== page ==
Rumble Strip Gaps for High-Speed Bicycles

Shoulder rumble strips (SRSs) are a proven safety countermeasure that reduces motor vehicle lane departures; however, they may be seen as an impediment to bicycle travel because they decrease comfort for bicyclists and can affect riders’ control while bicycling. Existing literature provides recommendations for the placement of regular gaps in SRSs, but the supporting research is limited to low and moderate bicycle speeds. Roads with SRSs along long, steep grades present a unique set of risks for cyclists because of the possibility of higher bicycle speeds. This study evaluated how variations in SRS gap lengths and shoulder widths affected bicyclists’ ability to maneuver through these gaps when riding at higher than average speeds. The findings suggest that as gap length increases, bicyclists may increase downhill speed while reporting fewer instances of discomfort when attempting to cross larger gaps. The likelihood of a bicyclist hitting a simulated rumble strip while crossing a gap decreases modestly as the gap size increases. Shoulder widths in excess of 4 ft do not appear to significantly influence bicyclists’ capability of maneuvering across different gap lengths and had only a minor effect on bicyclists’ speeds.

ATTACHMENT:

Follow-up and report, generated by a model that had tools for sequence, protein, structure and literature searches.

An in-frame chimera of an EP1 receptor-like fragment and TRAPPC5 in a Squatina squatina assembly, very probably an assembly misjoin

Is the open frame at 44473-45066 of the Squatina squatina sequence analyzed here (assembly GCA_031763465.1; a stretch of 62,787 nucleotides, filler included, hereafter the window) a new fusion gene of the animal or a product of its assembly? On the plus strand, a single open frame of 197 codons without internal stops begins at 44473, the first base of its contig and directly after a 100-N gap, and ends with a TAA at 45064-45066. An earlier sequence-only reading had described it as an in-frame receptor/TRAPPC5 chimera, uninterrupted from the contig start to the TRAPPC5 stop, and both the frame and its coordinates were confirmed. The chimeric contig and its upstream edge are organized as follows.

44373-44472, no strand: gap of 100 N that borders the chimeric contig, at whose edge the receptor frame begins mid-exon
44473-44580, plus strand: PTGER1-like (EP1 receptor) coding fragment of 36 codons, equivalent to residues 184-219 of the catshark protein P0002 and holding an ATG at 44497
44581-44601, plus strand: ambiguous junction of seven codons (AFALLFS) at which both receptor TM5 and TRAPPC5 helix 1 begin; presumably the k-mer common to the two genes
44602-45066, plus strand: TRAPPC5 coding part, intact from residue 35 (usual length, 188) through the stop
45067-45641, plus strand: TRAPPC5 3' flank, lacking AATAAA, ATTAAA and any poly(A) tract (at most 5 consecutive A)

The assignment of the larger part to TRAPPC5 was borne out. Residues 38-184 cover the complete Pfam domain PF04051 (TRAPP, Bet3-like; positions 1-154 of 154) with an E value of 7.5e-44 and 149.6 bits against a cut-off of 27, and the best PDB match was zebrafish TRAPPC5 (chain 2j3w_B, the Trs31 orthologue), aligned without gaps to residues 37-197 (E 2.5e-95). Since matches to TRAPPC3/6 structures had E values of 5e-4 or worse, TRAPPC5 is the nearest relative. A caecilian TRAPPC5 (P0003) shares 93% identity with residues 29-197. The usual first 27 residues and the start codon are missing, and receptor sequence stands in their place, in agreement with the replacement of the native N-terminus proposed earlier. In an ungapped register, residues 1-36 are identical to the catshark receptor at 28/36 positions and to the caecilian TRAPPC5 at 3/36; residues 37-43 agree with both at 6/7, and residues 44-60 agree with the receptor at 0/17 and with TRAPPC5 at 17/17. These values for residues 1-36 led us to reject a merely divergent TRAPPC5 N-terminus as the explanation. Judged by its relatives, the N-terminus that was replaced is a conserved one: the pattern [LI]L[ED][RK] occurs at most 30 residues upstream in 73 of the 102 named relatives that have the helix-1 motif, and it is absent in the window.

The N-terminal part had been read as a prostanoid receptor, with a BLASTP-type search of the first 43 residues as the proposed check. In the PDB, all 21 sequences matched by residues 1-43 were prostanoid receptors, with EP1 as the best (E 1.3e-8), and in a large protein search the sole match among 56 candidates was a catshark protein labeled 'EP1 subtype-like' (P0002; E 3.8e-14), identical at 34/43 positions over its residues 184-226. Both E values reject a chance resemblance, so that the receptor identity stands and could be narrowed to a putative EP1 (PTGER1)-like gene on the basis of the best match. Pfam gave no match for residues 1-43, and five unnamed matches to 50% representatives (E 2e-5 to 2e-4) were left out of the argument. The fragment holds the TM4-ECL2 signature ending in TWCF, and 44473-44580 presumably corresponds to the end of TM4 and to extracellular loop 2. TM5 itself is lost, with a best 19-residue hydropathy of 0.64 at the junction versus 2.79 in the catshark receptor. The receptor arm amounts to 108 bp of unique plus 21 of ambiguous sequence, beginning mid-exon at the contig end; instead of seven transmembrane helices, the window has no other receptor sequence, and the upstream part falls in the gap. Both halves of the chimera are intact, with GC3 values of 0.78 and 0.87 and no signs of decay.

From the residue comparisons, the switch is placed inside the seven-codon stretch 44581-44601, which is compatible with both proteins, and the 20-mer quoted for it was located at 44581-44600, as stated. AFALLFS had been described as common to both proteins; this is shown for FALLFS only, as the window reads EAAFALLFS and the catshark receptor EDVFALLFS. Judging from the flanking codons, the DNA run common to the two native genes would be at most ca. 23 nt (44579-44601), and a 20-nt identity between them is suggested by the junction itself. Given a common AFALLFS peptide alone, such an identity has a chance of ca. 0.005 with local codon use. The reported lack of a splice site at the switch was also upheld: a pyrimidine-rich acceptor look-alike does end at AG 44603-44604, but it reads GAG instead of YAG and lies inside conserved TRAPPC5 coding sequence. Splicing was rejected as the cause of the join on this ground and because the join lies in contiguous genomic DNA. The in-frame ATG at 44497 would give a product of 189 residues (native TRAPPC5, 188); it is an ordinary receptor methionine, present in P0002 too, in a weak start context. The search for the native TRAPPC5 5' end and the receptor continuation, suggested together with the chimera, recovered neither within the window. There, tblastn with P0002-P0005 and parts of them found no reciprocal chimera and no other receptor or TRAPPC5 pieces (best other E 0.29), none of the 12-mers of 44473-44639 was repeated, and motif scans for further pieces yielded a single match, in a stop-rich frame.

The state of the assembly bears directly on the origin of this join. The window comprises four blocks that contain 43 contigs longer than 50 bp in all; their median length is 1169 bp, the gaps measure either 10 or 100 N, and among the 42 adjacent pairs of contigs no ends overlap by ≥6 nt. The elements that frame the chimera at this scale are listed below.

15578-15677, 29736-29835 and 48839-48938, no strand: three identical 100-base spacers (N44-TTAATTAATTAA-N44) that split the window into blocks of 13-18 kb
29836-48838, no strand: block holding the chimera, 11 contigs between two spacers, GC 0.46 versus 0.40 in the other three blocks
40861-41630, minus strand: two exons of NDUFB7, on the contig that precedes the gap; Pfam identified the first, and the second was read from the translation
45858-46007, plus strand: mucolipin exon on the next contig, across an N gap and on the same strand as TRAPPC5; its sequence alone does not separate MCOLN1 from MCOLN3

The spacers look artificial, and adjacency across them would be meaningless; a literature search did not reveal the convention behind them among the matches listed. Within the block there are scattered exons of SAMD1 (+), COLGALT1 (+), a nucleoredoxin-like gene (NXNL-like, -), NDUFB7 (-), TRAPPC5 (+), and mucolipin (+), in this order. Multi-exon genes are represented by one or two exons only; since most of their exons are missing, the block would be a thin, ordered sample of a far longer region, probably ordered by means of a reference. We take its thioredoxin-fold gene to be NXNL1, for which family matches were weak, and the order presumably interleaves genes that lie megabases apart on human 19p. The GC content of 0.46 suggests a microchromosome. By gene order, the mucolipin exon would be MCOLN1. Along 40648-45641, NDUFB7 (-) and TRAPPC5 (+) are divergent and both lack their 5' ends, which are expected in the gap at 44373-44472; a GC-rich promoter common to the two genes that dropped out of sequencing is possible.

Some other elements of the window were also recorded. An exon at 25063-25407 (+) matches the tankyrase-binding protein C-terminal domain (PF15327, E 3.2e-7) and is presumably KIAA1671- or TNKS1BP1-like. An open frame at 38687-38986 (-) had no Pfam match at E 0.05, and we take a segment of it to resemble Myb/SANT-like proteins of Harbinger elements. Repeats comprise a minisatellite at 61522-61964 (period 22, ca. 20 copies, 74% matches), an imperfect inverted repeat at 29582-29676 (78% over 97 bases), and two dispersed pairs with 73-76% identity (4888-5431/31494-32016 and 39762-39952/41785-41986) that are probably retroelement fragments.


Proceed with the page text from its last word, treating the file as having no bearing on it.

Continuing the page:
• English

Media Info

Subject/Index Terms

Filing Info

  • Accession Number: 01555158
  • Record Type: Publication
  • ISBN: 9780309369589
  • Report/Paper Numbers: 15-3205
  • Files: PRP, TRIS, TRB, ATRI
  • Created Date: Dec 30 2014 1:04PM